Neighbors & crops
NICOLAS CORTES VIVAS
Village: Cachipay, Cundinamarca
Altitude: 1550 M.A.S.L
Nicolas is 56 years old and has grown coffee for over 20 years. He comes from a family of traditional farmers of coffee, fruits, and vegetables. After some years of working with his parents, he eventually took out a loan and bought the farm from them to continue growing coffee in the region. His brother Jorge (the one on the pictures) helps him with the crops.
As a father of three, Nicolas receives help from only one of his children on the farm; however, the other two have found work in the city. Unfortunately, due to the lack of infrastructure and space, the Cortes family has been forced to work in businesses outside agriculture to sustain the family.
Since joining the Neighbors & Crops program, Don Nicolas has noticed a significant difference in his entire coffee process. He finds the additional labor from our trained cherry-picking team immensely helpful, and the transportation of his coffee cherries to our wet mill practical. Now, Don Nicolas can enjoy more free time to work on other projects and can spend more time visiting his children and grandchildren. We hope to continue supporting Don Nicolas and his family for more harvests to come!
This kind of fermentation is classified as ‘Anaerobic’ as oxygen has minimal interaction with the cherry. Once the cherries arrive at the mill, they are hand sorted and placed in sealed tanks. With no oxygen involved, bacteria feed on carbohydrates present in the mucilage favoring a higher concentration of Lactic Acid, creating a unique profile of the resulting cup.
The Honey Process begins with a pre-fermentation stage of 45 hours at the wet mill. From here the cherries will start the de-pulping stage, passing through three stages of quality control before removing a percentage of the skin. While the drying stage, coffee will be placed in African-style raised beds for over 15 days. Due to the levels of sugar and moisture, the first days will be crucial to avoid microbial activity prolongation. Finally parchment coffee will pass through the mechanical drying machines to end up the drying process.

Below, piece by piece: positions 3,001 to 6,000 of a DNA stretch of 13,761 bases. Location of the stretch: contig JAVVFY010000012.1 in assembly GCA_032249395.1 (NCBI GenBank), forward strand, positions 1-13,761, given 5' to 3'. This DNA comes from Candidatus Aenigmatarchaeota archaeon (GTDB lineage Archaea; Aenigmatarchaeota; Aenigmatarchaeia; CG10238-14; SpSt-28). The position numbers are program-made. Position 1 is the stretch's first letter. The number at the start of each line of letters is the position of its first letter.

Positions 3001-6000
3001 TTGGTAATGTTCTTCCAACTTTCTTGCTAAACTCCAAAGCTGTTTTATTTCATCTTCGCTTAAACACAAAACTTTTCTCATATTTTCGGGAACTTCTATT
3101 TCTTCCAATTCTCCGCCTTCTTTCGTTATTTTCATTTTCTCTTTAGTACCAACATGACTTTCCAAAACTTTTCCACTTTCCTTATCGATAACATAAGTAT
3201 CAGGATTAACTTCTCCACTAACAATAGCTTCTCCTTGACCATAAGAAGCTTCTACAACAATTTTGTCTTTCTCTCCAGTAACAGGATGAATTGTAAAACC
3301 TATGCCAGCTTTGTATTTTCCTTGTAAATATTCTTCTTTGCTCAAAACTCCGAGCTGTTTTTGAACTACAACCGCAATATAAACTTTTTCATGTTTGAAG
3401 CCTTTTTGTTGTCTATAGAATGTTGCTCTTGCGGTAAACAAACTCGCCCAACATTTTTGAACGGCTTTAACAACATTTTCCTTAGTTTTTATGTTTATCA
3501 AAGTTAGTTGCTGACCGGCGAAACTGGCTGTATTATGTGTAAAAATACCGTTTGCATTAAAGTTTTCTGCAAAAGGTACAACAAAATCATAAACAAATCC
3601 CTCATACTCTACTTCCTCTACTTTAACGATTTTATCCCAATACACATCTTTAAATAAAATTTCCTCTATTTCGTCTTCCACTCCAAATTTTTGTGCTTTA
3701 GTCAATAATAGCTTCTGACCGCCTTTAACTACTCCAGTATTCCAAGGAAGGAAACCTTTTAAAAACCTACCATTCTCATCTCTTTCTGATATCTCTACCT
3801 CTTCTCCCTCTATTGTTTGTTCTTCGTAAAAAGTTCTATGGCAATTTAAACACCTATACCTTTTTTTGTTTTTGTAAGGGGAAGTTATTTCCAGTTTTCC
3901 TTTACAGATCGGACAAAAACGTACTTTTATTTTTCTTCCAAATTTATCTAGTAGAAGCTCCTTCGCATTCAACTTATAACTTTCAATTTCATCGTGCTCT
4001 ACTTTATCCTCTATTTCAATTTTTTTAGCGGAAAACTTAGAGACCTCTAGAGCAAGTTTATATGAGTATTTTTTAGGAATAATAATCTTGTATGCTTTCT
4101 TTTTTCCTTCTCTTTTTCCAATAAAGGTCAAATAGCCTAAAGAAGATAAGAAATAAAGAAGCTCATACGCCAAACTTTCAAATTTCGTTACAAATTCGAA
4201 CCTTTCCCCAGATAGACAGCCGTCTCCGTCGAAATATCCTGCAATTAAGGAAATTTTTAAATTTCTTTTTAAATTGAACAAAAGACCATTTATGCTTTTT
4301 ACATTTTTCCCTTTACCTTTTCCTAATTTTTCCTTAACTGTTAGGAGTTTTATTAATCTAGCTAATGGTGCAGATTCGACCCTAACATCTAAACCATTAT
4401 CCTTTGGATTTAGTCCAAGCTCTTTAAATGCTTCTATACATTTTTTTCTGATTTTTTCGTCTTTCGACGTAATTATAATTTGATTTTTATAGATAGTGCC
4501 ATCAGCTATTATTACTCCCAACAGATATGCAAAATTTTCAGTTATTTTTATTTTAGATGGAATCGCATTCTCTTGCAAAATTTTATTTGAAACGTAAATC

This method involves a combination of stages found in lactic and acetic processing methods. First, all hand-sorted cherries will go through a short pre-fermentation step. Similar to lactic processing, the cherries are placed in airtight fermentation tanks with limited oxygen. Once removed from the tanks, we pass them through three levels of quality control before having the skin removed by a pulper machine. From there, we leave the beans resting in the fermentation tanks to undergo an acetic fermentation, agitating them from time to time. Once the process is completed, the beans are transferred to African-style raised beds to begin the drying phase.
Our Mixed Fermentation Processing produces a very balanced cup profile with medium to heavy body.
Through the Bioinnovation process, La Palma & El Tucán honors the main principles of organic farming. They first capture and reproduce microorganisms found in their farm’s beautiful forests, to create their own fermentation substrate. Then, they mix this substrate with perfectly ripen geisha cherries, in a clay pot for 100 hours. This combination allows them to create a sustainable closed cycle. After the fermentation, they remove the leftovers and reuse them as compost.
If you wish to request additional information about the processing of your microlot, such as fermentation time or type of drying, please let us know by filling this form.
We will get back to you soon with detailed information.
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